BUCKEYE LAKE – Buckeye Lake Council member Kaye Hartman’s request to vote separately on the fire department’s budget was rejected Monday night.
“No,” said Council President Charlene Hayden. Hartman requested the separation because council member Arletta Ruton serves on the fire department and voting on its budget would be a conflict of interest. By breaking it off for a separate vote, Ruton could vote on the rest of the village’s proposed budget..
The budget was approved unanimously with Ruton abstaining. Council member Jeryne Peterson was absent.
“You don’t vote on issues that affect you,” said Hartman. “I was trying to let (Ruton) vote on the rest of the budget.”
Hayden said village solicitor Butch Bindley advised her not to separate anything from the budget.
“Since (Ruton) chose to abstain from the vote on the budget, it was really a moot point,” said Hayden. “Basically, (Bindley) said he would not advise splitting the budget and that he felt the budget was the budget and it should be presented and voted on in its entirety. I did not ask for any further detail because, at that point, I thought (Ruton) would most likely abstain from voting on the budget.” Which, she did.
Hartman said she informed Ruton and Hayden before Monday night’s meeting that she would suggest separating items relating to the fire department from the budget.
Later in Monday night’s meeting, Hayden apologized to Hartman for her curt response.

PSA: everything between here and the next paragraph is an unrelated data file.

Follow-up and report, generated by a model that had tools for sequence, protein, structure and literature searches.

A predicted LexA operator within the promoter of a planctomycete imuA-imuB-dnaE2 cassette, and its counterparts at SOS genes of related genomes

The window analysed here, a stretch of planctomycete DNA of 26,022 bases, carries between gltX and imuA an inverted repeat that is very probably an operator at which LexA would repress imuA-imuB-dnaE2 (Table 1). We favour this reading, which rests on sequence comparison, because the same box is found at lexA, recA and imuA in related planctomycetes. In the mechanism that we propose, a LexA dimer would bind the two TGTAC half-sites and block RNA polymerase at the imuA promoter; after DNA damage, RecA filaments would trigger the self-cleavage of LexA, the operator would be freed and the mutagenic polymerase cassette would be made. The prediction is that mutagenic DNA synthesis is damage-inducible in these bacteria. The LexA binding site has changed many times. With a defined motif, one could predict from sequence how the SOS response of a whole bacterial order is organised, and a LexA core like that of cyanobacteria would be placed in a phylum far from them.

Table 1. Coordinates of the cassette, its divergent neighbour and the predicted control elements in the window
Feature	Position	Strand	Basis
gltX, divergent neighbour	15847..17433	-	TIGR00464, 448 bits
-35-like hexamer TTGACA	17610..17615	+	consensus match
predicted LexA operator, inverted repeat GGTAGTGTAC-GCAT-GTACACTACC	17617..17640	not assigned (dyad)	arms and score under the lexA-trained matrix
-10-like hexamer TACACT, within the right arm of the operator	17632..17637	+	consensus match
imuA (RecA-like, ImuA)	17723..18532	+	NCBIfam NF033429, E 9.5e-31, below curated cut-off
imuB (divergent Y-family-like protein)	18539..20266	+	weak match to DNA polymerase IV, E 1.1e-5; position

In other village news:
• Mayor Rick Baker said more than 70 people applied to replace part-time fiscal officer, Vince Popo, who has resigned effective
Jan. 31. Many of the applications were submitted online from Careerbuilder.com. Council Clerk Valerie Hans said roughly 20 of the applicants had the qualifications to warrant an interview.
• Hayden said she and Baker met with Lori Carlson, Licking County Humane Society executive director, who asked the village for financial help in supporting the organization. Hayden said Licking County provides a stipend to the Humane Society for the county’s unincorporated areas, which helps pay for a humane agent. She said in Buckeye Lake Village, the agency received 18 cruelty complaints in the first nine months of this year and 11 village animals were confiscated. Hayden said it costs an average of $400 to vet, house, and provide for each confiscated animal. She said Carlson broke down the costs for each Licking county municipality based on the services provided this year. “The total amount they are asking the village to contribute is $187.66 per month, or $2,251.92 per year,” said Hayden. “I would like for the public service committee to set a time to discuss the possibility of the village giving a stipend to the Humane Society in lieu of their services.”
• Hayden said she, Baker, and Director of Development Mike Cassidy met with LEADS officials to discuss their desire to build affordable single family homes in Buckeye Lake Village. “They are in the process of trying to secure lots on which to build the homes and they are working on a grant application that is due in early 2013,” said Hayden.
Previously, LEADS CEO Kenneth Kempton said the housing coming to Buckeye Lake Village would not be Section 8. “LEADS does not utilize Section 8 funding to build any of our projects across the State of Ohio and Section 8 housing funds would not be used in Buckeye Lake.
“LEADS is working with (Baker) and (Cassidy) and we have spoken to members of the village council about existing vacant lots and tearing down abandoned structures to build single family homes,” Kempton said. He said these homes would be required to meet building standards that require minimum square footage, quality building materials and practical design to maximize energy efficiency.
• Beginning next year, Buckeye Lake Village Council meetings will begin at 7 p.m., instead of 7:30 p.m.